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Sophie Peltzer 9/21 Blog Post

I thought all of the readings tied in together to tell a very interesting story about the history of the oppression and rebellion of women in America. While I have always been aware of the low-level status women held in earlier societies, it was alarming to have my memory refreshed on the specifics of how unequal women were treated. One thing that stuck out to me was the fact that, although situations and conditions have definitely improved, a lot of the same general themes and categories of oppression are still very prevelant in today’s society. Women’s worth is often determined based on their marriage status and whether or not they have children, evidenced by the fact that most gynecologists refuse to perform tubal ligation on women in their twenties and thirties, claiming that they could change their minds and want children in the future, or marry someone who wants children. Additionally, the problem of women being paid less than men for doing the same job still remains at large today, not to mention that America is still one of the few developed countries that does not provide women paid maternity leave. Although women have made tremendous progress in the past few centuries, it is still painfully obvious to see that a lot of these old attitudes die hard.


Despite this, I enjoyed reading about ways women rebelled against the inferior status imposed on them and found strength and solidarity through different means. One story in particular that I found interesting was the “coffee party” – the spin-off of the Boston tea party in which women forced a man overpricing coffee to give up the keys to his store so they could take all the coffee for themselves. Additionally, the story of Elizabeth Cady Stanton and the Seneca Falls Convention reminds us that women have always been strong, perserverant, and capable, and women now have more resources than ever before to continue to fight for equality. Although it is sometimes difficult to grapple with the blatant inequalities in our society, reading the stories of strong and determined women is a great reminder of the strength we possess and the goals we can achieve.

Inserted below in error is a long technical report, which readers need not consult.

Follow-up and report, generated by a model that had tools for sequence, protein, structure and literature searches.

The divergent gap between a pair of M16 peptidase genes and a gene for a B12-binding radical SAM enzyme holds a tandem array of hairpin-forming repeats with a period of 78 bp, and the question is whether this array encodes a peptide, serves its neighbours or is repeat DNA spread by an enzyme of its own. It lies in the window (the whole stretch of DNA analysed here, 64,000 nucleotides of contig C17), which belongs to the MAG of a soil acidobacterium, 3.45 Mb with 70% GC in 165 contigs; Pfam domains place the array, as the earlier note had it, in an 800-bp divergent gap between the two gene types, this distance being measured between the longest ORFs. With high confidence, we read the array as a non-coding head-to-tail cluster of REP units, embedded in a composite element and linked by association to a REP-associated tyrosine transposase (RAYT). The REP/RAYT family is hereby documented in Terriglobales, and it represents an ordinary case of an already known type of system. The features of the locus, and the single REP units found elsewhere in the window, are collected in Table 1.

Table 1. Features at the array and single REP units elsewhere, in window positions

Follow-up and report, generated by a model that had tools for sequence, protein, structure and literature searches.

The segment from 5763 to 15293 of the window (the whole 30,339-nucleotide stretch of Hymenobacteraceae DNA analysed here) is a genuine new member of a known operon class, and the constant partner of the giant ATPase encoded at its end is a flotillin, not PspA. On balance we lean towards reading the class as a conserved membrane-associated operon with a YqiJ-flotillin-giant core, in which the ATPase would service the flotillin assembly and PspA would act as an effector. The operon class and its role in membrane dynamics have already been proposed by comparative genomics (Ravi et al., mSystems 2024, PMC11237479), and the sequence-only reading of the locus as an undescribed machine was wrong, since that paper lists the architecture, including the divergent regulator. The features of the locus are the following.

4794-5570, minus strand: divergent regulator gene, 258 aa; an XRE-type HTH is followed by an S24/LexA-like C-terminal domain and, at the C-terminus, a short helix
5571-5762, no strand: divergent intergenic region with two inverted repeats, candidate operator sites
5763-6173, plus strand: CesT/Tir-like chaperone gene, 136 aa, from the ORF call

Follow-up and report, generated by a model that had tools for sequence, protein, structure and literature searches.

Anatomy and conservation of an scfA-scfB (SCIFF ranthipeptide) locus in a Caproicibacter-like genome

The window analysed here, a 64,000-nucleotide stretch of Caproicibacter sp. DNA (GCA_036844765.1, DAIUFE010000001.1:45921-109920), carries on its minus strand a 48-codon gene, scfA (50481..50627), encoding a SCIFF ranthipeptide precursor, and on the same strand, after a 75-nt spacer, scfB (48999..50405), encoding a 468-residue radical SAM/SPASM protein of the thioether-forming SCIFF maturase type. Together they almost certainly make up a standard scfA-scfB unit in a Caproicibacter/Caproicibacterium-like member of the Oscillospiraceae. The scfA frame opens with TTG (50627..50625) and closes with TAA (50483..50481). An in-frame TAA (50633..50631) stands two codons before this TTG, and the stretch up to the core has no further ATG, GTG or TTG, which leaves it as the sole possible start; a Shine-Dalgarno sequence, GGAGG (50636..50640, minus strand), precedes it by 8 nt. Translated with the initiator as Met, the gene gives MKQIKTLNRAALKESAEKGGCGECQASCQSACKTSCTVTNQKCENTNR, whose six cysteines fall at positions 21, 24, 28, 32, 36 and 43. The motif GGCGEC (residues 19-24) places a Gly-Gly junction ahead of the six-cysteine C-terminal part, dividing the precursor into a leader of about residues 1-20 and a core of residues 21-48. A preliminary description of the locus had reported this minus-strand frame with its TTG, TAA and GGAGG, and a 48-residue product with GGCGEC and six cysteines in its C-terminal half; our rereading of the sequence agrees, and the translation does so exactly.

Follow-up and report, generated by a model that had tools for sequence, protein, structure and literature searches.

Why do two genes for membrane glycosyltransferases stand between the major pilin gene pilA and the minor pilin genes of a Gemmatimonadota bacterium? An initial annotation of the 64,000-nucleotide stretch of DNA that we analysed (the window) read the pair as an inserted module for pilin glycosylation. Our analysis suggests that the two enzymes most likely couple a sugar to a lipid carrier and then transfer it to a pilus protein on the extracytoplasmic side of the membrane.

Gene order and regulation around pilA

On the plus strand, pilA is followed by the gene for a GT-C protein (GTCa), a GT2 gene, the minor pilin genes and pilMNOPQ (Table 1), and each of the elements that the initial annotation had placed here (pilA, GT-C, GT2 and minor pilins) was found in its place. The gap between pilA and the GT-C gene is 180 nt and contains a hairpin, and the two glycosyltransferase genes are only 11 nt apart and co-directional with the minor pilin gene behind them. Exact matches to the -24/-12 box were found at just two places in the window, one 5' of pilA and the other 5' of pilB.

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One Comment

  1. Alexander Dimedio Alexander Dimedio

    I agree with your connections from the past to present, and I think you are correct in that we have made progress, but we are not there yet. I think stereotypes play a large role in slowing progress down in present day America. I think it is important to continue to read about the powerful things women did throughout history, so we can have a better perspective of the past, and understand the large roles women played in every aspect of early American history.

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